PLINY THE ELDER

ca. A.D. 23-79

Roman administrator and writer

Gaius Plinius Secundus, known as Pliny the Elder, was a Roman government official, writer, and scholar. He was the uncle and adoptive father of the Roman writer Pliny the Younger. Today, the elder Pliny is best known as the author of Natural History, a massive encyclopedia of information about many different subjects.

Pliny was born in Comum in Cisalpine Gaul (present-day northern Italy). He spent 12 years in the army, mostly in Germany where he served alongside the future emperor Titus. Upon his return to Italy, Pliny practiced law. Under the emperor Vespasian, he became a procurator* in Gaul, Spain, and North Africa. He served as an adviser to Vespasian and Titus, and he became commander of the Roman fleet at the port of Misenum. He died during the eruption of Mt. Vesuvius, which destroyed the cities of Pompeii and Herculaneum.

Pliny was a prolific writer, completing many books on a variety of topics. In addition to the biography of his patron*, Pomponius Secundus, Pliny wrote a 20-volume history of the Roman campaign against the Germans and a 31-volume history of his own time. Pliny produced works on rhetoric* and oratory*, and during his military service, he wrote an essay on spear-throwing for cavalrymen.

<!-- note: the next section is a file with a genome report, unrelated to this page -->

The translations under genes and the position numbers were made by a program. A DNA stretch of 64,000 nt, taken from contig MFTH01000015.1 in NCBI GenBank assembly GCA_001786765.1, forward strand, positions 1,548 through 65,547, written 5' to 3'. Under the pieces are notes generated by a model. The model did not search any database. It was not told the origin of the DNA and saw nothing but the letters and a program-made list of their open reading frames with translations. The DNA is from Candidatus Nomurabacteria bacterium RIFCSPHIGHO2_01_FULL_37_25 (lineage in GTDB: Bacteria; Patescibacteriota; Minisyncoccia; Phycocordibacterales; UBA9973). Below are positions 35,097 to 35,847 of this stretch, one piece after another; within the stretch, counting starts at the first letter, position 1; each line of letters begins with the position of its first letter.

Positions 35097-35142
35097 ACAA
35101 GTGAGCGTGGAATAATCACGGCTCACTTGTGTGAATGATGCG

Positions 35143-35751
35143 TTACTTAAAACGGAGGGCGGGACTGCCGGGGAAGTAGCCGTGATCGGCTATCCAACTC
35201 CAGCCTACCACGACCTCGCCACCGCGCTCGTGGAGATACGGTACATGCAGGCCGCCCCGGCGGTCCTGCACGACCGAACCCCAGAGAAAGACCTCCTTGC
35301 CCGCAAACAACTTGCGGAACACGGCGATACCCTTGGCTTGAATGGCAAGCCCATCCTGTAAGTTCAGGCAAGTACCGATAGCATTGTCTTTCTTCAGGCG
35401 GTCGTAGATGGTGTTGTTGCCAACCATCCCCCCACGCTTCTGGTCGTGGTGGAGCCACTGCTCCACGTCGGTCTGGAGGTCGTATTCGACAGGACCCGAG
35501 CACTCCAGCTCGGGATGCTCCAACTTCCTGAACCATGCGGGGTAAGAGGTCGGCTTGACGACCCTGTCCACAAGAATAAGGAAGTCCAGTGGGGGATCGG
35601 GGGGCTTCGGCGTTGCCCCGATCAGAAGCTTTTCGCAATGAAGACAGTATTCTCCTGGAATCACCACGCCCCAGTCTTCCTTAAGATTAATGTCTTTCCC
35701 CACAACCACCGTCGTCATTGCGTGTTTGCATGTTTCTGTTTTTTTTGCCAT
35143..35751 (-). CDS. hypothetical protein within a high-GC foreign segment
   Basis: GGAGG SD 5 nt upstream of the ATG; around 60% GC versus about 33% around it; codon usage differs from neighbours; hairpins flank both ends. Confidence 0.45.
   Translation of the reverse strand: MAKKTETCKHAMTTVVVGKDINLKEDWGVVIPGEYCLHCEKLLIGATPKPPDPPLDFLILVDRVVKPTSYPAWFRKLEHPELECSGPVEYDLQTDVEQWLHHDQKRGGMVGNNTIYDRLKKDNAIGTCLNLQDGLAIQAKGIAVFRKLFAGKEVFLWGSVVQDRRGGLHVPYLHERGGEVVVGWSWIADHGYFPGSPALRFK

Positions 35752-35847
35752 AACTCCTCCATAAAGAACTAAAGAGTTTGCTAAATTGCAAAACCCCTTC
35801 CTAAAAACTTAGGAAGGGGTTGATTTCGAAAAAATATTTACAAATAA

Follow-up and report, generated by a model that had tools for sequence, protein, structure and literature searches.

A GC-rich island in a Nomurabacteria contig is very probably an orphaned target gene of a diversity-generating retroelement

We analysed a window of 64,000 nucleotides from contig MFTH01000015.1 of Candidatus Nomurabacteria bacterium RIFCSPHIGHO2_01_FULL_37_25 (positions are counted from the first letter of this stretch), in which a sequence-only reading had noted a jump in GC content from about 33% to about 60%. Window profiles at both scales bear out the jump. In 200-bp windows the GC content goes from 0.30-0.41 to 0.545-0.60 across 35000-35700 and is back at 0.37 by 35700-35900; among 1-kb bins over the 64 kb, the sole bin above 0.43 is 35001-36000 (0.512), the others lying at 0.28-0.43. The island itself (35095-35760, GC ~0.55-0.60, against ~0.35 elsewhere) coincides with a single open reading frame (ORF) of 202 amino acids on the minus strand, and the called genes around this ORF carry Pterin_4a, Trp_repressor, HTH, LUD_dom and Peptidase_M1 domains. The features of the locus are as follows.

The only work of Pliny’s that has survived is the 37-book Natural History, which he dedicated to Titus. The Natural History is a vast, wide-ranging collection of information about people, animals, plants, and minerals. It provides an important look at the state of scientific knowledge in the first century A.D. The importance of the work was quickly recognized. During the Middle Ages in Europe, Pliny’s Natural History held a position of great authority and influence. It has been translated into several languages, including English in the early 1600s. (See also Literature, Roman; Science.)

* procurator Roman official who managed the financial, and sometimes administrative, affairs of a province as an agent of the emperor

* patron special guardian, protector; or supporter

* rhetoric art of using words effectively in speaking or writing

* oratory art of public speaking

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